Putting a Cat on the Fire

Last week after Christmas I was walking around the graveyard in Haworth with my daughter. We stopped by the gravestone of Tabitha Ackroyd, housekeeper to the Bronte children for 30 years. She was apparently much loved by the family, a great storyteller and was the source for the narrating character of Nellie Dean in WutheringContinue reading “Putting a Cat on the Fire”

It started with an ‘X’: How my family came to read and write.

My grandmother’s great grandmother, Mary Treeby, signed her name with an ‘x’ on her wedding certificate in 1794. Her name is from Old English meaning a curve in the river, dating from a time when people had toponymic names. She was marrying Joseph Daw a shipwright working in Devonport dockyard. I see from the records theyContinue reading “It started with an ‘X’: How my family came to read and write.”

‘Here was I living in Paradise and I didn’t know it’.

An American couple having enjoyed a Kit Hill moorland walk one sunny morning in the 1960s came down the footpath and into our farmyard where Dad was carrying on the business of the day and said, ‘You might want to know there’s a fawn in the gorse bushes over there?’ Dad realising they had mistakenContinue reading “‘Here was I living in Paradise and I didn’t know it’.”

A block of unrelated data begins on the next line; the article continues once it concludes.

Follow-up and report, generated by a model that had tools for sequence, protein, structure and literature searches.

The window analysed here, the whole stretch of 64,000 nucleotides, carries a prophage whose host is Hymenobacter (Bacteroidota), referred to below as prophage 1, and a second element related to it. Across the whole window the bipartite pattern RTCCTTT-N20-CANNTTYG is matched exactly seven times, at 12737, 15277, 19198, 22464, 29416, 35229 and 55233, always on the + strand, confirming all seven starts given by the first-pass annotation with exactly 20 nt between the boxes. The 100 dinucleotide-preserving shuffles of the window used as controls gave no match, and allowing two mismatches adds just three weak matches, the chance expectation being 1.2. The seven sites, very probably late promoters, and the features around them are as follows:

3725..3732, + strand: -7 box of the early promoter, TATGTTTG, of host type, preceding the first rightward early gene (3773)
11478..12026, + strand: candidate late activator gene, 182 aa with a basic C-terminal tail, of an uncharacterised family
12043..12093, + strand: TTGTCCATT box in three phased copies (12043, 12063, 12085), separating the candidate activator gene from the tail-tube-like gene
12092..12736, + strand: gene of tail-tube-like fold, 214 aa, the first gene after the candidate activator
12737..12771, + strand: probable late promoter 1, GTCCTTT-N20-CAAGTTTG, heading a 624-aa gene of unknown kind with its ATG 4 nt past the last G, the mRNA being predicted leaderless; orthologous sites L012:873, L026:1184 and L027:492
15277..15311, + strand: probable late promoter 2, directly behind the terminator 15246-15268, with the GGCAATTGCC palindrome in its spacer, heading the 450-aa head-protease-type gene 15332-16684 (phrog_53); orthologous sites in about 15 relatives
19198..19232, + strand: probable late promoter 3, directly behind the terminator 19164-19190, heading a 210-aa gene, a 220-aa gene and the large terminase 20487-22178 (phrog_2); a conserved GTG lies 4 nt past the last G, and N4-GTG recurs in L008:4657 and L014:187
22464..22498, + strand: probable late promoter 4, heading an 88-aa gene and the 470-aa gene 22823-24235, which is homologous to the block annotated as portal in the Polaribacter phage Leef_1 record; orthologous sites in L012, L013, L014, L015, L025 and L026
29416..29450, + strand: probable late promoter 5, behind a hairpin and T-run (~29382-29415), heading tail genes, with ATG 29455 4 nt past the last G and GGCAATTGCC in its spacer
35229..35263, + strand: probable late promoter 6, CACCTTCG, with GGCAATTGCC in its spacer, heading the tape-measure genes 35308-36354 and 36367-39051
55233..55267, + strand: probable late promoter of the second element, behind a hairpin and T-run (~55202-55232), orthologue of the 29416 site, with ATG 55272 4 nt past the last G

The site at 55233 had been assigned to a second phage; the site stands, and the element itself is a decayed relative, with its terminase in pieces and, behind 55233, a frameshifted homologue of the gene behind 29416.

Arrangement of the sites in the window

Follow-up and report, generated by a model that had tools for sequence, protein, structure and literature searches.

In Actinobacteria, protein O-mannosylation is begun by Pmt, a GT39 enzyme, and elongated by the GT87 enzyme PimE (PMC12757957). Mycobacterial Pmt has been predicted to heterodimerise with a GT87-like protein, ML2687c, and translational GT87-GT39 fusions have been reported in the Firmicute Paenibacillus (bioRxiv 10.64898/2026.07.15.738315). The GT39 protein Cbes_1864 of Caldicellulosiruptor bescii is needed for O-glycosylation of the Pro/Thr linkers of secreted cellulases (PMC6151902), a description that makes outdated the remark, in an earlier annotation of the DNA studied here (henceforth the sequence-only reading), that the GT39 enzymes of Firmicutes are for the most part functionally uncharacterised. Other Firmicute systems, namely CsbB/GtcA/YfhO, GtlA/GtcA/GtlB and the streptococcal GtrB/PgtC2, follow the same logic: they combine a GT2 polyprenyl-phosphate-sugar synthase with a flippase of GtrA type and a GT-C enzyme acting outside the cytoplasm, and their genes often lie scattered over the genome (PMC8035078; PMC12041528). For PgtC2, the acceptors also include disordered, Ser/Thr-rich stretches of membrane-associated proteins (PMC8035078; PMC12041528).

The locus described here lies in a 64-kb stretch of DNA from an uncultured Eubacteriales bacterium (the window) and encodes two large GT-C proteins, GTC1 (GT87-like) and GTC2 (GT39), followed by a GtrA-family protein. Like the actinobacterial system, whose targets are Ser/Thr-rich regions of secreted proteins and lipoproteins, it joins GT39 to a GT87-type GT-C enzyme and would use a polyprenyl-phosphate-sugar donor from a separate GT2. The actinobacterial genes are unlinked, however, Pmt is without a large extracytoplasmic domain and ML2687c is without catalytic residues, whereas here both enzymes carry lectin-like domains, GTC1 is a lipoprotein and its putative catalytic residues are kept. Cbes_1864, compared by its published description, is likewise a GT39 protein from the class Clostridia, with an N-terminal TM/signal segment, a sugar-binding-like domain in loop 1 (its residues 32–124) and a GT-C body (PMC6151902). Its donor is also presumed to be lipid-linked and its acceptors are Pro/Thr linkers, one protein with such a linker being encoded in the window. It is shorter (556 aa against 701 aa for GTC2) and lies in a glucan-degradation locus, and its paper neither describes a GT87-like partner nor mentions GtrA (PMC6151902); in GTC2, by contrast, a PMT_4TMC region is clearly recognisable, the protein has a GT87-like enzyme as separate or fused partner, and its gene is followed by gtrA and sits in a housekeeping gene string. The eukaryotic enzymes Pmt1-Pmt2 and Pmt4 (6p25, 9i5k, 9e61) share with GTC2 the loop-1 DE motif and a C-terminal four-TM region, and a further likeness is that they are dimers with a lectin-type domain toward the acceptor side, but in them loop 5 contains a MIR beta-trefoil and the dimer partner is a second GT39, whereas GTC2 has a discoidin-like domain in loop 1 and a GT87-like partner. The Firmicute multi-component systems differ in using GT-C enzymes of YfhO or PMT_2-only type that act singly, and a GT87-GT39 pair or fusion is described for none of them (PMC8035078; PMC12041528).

Hiding in Plain Sight

From personal experience and my interviews with grandmothers, some things in families can be hiding in plain sight. Here is the familiar visage of the Sutton Hoo helmet. It has recently been in the news because of the film ‘The Dig’.  It was only pieced together after the war and the reconstructed regal anglo-saxon helmetContinue reading “Hiding in Plain Sight”